Daisetsuzan Volcanic Group

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Daisetsuzan Volcanic Group
Nutapukaushipe or Nutaku Kamushupe
A view from Biei town
Highest point
Peak Mount Asahi
Elevation 2,290 m (7,510 ft)
Coordinates 43°39′N142°51′E / 43.650°N 142.850°E / 43.650; 142.850 Coordinates: 43°39′N142°51′E / 43.650°N 142.850°E / 43.650; 142.850
Etymology big snowy mountains
Native name大雪山系Daisetsu-sankei
Japan natural location map with side map of the Ryukyu Islands.jpg
Red triangle with thick white border.svg
Daisetsuzan Volcanic Group
Hokkaido geolocalisation relief.svg
Red triangle with thick white border.svg
Daisetsuzan Volcanic Group
Country Japan
State Hokkaidō
Region Kamikawa Subprefecture
Parent range Ishikari Mountains
Biome alpine climate
Orogeny island arc
Age of rock Quaternary
Type of rock volcanic
Last eruption AD 1739 or later [1]
Taisetsu Volcano Group Taisetsu Volcano Group Relief Map (B), SRTM-1.jpg
Taisetsu Volcano Group

The Daisetsuzan Volcanic Group (大雪山系, Daisetsu-sankei, also called Taisetsu-zan) is a volcanic group of peaks arranged around the 2 kilometres (1.2 mi) wide Ohachi-Daira (御鉢平, Ohachi-daira) caldera in Hokkaidō, Japan. In the Ainu language it is known as Nutapukaushipe (which means "the mountain above the river"), [2] Nutaku Kamushupe, or Optateske. [3] These peaks are the highest in Hokkaidō. The group lends its name to the Daisetsuzan National Park in which the volcanic group is located.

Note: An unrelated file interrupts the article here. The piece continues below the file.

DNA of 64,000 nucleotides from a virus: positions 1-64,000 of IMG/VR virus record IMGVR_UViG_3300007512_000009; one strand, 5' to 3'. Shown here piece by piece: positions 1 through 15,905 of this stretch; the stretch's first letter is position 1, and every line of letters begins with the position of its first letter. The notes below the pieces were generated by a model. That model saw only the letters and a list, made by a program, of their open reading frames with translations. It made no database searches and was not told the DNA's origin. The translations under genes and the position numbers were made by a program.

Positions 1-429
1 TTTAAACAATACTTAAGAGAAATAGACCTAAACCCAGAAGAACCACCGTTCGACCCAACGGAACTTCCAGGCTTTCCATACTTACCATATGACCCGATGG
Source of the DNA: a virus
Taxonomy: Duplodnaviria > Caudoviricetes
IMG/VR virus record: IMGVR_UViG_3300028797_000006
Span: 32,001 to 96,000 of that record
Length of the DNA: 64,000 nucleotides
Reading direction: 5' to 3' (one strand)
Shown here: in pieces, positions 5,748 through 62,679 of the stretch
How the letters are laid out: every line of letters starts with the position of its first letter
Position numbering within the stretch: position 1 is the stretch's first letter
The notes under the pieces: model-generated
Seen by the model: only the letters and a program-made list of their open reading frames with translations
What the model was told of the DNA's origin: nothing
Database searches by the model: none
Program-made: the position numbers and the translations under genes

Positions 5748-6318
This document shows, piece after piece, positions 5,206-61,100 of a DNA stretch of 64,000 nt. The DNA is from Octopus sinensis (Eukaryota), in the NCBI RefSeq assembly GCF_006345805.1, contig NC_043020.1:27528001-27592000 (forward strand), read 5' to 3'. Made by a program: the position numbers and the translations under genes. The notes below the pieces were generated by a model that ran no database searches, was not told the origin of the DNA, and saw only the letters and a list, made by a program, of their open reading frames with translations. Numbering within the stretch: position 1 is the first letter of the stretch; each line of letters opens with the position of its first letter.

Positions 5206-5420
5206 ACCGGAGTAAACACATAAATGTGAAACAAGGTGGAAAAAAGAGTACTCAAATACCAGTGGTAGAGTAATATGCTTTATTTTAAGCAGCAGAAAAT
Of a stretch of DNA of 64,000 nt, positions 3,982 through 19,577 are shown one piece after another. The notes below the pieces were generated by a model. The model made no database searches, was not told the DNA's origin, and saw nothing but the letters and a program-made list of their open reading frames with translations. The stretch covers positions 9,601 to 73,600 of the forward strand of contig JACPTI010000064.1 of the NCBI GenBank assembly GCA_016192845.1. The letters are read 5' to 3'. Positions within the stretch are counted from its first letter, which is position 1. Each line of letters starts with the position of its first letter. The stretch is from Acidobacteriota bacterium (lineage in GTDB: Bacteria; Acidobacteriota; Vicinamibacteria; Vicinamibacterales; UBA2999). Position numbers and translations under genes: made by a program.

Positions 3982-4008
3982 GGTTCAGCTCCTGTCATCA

The volcanic group lies at the north end of the Daisetsu-Tokachi graben [3] on the Kurile arc of the Ring of Fire. The volcanic zone makes itself known through a number of fumaroles and natural hot springs.

List of mountains by height

The following peaks make up the volcanic group:

Mount Asahi (旭岳, Asahi-dake)2,290 metres (7,510 ft)stratovolcano
Mount Hokuchin (北鎮岳, Hokuchin-dake)2,244 metres (7,362 ft)lava dome
Mount Hakuun (白雲岳, Hakuun-dake)2,230.0 metres (7,316.3 ft)lava dome
Mount Kuma (熊ヶ岳,, Kuma-ga-dake)2,210 metres (7,250 ft)stratovolcano
Mount Pippu (比布岳, Pippu-dake)2,197 metres (7,208 ft)volcanic
Mount Mamiya (間宮岳, Mamiya-dake)2,185 metres (7,169 ft)caldera rim
Mount Koizumi (小泉岳, Koizumi-dake)2,158 metres (7,080 ft)stratovolcano
Mount Hokkai (北海岳, Hokkai-dake)2,149 metres (7,051 ft)caldera rim
Mount Nokogiri (鋸岳, Nokogiri-dake)2,142 metres (7,028 ft)volcanic
Mount Matsuda (松田岳, Matsuda-dake)2,136 metres (7,008 ft)caldera rim
Mount Ryōun (凌雲岳, Ryōun-dake)2,125 metres (6,972 ft)lava dome
Mount Naka (中岳, Naka-dake)2,113 metres (6,932 ft)caldera rim
Mount Aibetsu (愛別岳, Aibetsu-dake)2,112.7 metres (6,931 ft)volcanic
Mount Aka (赤岳, Aka-dake)2,078.5 metres (6,819 ft)stratovolcano
Mount Eboshi (烏帽子岳, Eboshi-dake)2,072 metres (6,798 ft)stratovolcano
Mount Goshiki (五色岳, Goshiki-dake)2,038 metres (6,686 ft)-
Mount Midori (緑岳, Midori-dake)2,019.9 metres (6,627 ft)-
Mount Kuro (黒岳, Kuro-dake)1,984.3 metres (6,510 ft)lava dome
Mount Nagayama (永山岳, Nagayama-dake)1,978 metres (6,490 ft)stratovolcano
Mount Keigetsu (桂月岳, Keigetsu-dake)1,938 metres (6,358 ft)lava dome

See also

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  1. Taisetsu Volcano Group - Geological Survey of Japan
  2. Geographical Survey Institute website (in Japanese), last access 1 July 2008.
  3. 1 2 "Global Volcanism Program - Daisetsu". Smithsonian National Museum of Natural History. Retrieved 1 July 2008.